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I'm trying to show that $R= \mathbb{Z}/m$ is an injective $R$-module using Baer's criterion (Weibel, Homological Algebra, exercise 2.3.1).

I want to find the homomorphism module $Hom_R(I, R)$, then show that every homomorphism is extendable to an $R$-linear map $R \rightarrow R$. Since $R$ is a PID, the ideal $I$ is of the form $(n)$ for some $n \in R$, and every $R$-linear map is given by $n \mapsto k$ for some $k$. My guess is that $n$ has to divide $k$ in $R$, and we simply send $1 \mapsto \frac{k}{n}$ for the extension. But, I can't prove my statement. Can someone help me find the Hom-module or is my idea wrong altogether?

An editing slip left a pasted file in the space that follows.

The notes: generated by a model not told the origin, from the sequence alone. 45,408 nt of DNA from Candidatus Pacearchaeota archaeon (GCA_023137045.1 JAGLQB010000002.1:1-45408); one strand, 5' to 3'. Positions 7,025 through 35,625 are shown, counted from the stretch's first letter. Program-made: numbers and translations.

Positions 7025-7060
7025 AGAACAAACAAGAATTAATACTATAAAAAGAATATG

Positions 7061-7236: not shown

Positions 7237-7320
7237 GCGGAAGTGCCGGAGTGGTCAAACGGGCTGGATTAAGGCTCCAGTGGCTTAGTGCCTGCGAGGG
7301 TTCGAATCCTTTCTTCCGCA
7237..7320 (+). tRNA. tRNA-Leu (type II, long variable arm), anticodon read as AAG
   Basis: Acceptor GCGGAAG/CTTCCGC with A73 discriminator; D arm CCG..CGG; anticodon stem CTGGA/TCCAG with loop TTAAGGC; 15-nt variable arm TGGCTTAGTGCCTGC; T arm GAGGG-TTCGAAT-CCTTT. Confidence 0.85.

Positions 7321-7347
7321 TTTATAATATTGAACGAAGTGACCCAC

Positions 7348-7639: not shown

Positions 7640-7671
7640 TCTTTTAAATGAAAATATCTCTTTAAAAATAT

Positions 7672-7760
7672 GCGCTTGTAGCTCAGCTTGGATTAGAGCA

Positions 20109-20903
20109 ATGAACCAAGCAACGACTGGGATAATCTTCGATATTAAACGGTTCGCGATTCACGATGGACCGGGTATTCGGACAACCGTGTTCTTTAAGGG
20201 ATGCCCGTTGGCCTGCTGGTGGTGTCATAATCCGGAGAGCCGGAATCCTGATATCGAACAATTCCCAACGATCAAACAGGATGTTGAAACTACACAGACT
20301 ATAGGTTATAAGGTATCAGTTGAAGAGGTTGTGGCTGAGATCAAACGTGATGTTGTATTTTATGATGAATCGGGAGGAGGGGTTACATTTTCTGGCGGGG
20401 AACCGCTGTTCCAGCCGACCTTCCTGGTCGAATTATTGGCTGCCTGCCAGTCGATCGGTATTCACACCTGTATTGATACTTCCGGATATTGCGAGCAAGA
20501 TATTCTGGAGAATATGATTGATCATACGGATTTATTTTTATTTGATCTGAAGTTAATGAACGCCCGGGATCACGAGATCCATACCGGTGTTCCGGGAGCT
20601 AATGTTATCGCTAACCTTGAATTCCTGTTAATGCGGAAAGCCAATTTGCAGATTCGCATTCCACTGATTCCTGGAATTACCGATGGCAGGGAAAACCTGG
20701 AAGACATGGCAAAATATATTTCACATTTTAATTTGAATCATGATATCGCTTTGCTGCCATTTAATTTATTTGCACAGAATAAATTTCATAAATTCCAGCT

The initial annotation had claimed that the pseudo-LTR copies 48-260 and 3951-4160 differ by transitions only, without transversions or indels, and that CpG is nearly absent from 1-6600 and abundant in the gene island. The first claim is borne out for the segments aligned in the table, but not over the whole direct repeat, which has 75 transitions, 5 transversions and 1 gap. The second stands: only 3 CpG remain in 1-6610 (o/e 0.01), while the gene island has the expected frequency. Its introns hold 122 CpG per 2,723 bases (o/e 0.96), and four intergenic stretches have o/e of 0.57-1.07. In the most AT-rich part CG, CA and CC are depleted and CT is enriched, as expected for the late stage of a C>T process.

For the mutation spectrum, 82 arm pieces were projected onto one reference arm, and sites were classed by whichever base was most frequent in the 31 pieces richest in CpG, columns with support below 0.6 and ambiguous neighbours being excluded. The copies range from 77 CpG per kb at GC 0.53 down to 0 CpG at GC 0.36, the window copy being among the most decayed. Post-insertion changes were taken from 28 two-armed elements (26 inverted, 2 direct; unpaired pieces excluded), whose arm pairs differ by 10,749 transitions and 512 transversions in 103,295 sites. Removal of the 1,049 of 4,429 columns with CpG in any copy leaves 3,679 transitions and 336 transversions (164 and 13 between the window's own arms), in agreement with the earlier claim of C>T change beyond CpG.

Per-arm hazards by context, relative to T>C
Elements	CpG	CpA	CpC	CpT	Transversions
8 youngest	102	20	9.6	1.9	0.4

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The ideals of $R$ are of the form $I = (n + m\mathbb{Z})$ with $n$ a divisor of $m$. Write $m = d n$ and you find that $n + m\mathbb{Z}$ is annihilated by $d + m \mathbb{Z}$ in $R$. Consequently, if $n + m\mathbb{Z}$ maps to $k \in R$ via a morphism $I \to R$, the element $k$ is also annihilated by $d + m \mathbb{Z}$, so if $k = f + m\mathbb{Z}$ for some $f$, then $m = d n$ divides $df$ and thus $n$ divides $f$. Write $f = g n$ and map $1 + m\mathbb{Z}$ to $g + m\mathbb{Z}$ as you envisioned.

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